Stop believing that the best you will appear AFTER you get that job, or AFTER you get into that grad school, or AFTER you get that interview. You. Right Now. In this moment. Hold POWER. You have everything you need inside of you to fill you to the brim with confidence and happiness and capability. You are limited only by the stories of doubt that you tell yourself. Tap into that feeling that fills the bottom of your belly when you feel passionate, and excited, and strong. That feeling is the energy within you that has been there since the moment you were born. You don’t need anyone’s permission to use that power. Give yourself permission to unleash it!

4) Continue to be Resourceful

It’s very possible that your first word was “Google.” You live in the information age. You are surrounded by incredible resources. Learn how to use them. While you won’t necessarily get those nice black and white answers from your online searches, you WILL learn and shed light on the possibilities in front of you. If you’re reading this you’ve made a profile on LinkedIn – awesome. Now go and do something useful with this incredible tool. I would have killed for LinkedIn when I was your age…you are CRAZY if you’re not using it for networking and research.

Thanks to all of the HC students who helped me remember that this career stuff is HARD. It feels crazy, and terrifying, and entirely out of control. I get it. I soooo get it. I still don’t know what I want to be when I grow up and I’m almost 40 years old….but you know what? I’m cool with that. I’ve realized that my job does not define me, and my career does not decide my worth.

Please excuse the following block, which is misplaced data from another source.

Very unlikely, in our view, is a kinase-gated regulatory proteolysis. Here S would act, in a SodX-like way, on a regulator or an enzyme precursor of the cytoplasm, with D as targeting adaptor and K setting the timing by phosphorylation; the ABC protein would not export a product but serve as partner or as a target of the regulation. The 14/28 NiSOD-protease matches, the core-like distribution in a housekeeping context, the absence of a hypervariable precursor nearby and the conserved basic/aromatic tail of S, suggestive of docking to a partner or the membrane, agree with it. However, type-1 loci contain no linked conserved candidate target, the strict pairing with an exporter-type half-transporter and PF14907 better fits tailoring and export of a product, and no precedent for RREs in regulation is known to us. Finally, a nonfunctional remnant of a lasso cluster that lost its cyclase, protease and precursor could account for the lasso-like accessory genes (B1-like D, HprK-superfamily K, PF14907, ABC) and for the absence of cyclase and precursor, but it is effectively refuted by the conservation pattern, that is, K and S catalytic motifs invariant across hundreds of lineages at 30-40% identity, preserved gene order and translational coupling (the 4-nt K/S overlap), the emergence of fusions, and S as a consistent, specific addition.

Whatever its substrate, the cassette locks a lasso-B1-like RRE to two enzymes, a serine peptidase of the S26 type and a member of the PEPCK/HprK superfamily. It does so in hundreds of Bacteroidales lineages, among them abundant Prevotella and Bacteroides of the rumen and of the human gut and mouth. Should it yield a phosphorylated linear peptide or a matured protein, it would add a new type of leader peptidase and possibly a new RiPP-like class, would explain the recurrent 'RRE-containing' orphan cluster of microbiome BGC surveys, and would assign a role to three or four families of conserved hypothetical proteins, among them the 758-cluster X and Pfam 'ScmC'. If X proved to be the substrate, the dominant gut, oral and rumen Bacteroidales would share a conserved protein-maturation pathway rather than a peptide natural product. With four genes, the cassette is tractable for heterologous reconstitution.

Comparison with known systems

So, here’s my “hug” to you – go out and CRUSH this career stuff.

You’ve got this.



Making the Most of Winter Break

HCwinterWinter break is a time for you to relax, decompress and visit with family and friends. Those dreaded finals are
a distant memory! Once you’ve caught up on sleep and recharged your batteries, here are a few ways you can make the most of your time away from the hill.

  • Focus on your summer internship search. Use winter break to identify the type of internship you are seeking and explore potential opportunities. There are many career exploration and internship search tools available on our website. The Center for Career Development is open during winter break so reach out to us for assistance. We can review resume and cover letter documents via email or set up time to meet via phone or Skype.
  • Volunteer. Employers look for demonstrated interest in a particular field or industry. Volunteering is an effective way for you to gain exposure to an area that may be of interest to you. Seek out volunteer opportunities in your community that align with your interest areas.
  • Network. The Holy Cross Alumni community is incredibly strong. Take advantage of it! Winter break is an ideal time to for you to find and reach out to Alumni in a role, company and/or field of interest to you. The Career Advisor Network and LinkedIn are two resources we encourage students to use to identify alumni to contact.
  • Consider Summer Internship Funding. If you are considering an unpaid or underpaid internship for this summer, the Center for Career Development has limited funding available. Students need to apply for funding by January 31, 2016. Winter break is a perfect time for you to work on your application materials. More information about Summer Internship Funding can be found here.